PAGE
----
Fisheries rules and control systems are agreed on at EU level, but implemented by the member states through their national authorities and inspectors.
To encourage closer collaboration and exchange of best practice, the European Fisheries Control Agency (EFCA) organises joint control campaigns, where inspectors from different EU countries join forces.The Commission has its own inspectors, who can visit national authorities at any time to check they are implementing EU rules correctly. It is not their role to inspect individual fishers' operations, however.When the Commission finds that national authorities are not enforcing fisheries rules properly:
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Control authorities in the Baltic Sea area
EU inspectors and means of inspection in the EU countries
European Fisheries Control Agency (external link)
Legislation on conservation measures including control (EUR-lex)
European maritime security has significantly improved over the last years on several dimensions including international or regional cooperation, information sharing, capability development, risk management and training. This is the conclusion of a new report about the implementation of the European Union maritime security strategy action plan, developed by the European Commission together with the European Defence Agency and the European External Action Service.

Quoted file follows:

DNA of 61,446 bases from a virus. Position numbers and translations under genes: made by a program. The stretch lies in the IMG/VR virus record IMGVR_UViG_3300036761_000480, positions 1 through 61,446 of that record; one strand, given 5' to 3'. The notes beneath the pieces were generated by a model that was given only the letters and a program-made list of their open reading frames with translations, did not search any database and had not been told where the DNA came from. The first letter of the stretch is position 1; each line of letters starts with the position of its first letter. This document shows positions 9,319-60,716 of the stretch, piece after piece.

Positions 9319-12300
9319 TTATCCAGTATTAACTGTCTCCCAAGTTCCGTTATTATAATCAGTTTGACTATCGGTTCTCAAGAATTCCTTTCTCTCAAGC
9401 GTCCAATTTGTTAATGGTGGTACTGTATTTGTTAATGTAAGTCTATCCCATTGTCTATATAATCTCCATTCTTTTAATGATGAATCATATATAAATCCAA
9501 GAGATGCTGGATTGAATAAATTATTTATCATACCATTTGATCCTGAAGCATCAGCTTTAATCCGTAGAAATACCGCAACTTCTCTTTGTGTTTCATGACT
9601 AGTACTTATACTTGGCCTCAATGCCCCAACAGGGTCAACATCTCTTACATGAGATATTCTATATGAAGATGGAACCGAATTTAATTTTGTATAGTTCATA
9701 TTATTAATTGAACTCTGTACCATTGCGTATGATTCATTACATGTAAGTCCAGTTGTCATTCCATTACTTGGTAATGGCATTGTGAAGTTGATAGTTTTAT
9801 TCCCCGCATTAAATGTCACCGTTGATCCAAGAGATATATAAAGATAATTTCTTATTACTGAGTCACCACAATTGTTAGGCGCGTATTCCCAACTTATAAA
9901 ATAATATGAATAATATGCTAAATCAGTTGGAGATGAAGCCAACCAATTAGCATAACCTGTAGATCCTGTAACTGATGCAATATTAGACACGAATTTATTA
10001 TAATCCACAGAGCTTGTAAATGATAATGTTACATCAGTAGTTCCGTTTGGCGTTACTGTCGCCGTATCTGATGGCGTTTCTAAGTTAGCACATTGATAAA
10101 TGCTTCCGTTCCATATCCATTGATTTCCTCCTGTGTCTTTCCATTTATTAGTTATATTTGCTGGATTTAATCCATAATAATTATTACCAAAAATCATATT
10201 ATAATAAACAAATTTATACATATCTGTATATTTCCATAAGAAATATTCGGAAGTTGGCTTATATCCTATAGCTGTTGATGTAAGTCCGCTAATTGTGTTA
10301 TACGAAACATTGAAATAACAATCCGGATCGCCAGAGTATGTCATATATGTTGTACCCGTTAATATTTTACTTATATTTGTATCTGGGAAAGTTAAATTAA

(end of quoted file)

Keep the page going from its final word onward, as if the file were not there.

Today the Commission has proposed total allowable catches (TAC), based on scientific advice, on three deep-sea stocks for 2021 and 2022 to allow limited fisheries.
In the EU, 20% of fishing gear is lost at sea. Abandoned, lost or disposed of, it accounts for about a third of marine litter found in European seas, or over 11.000 tons per year.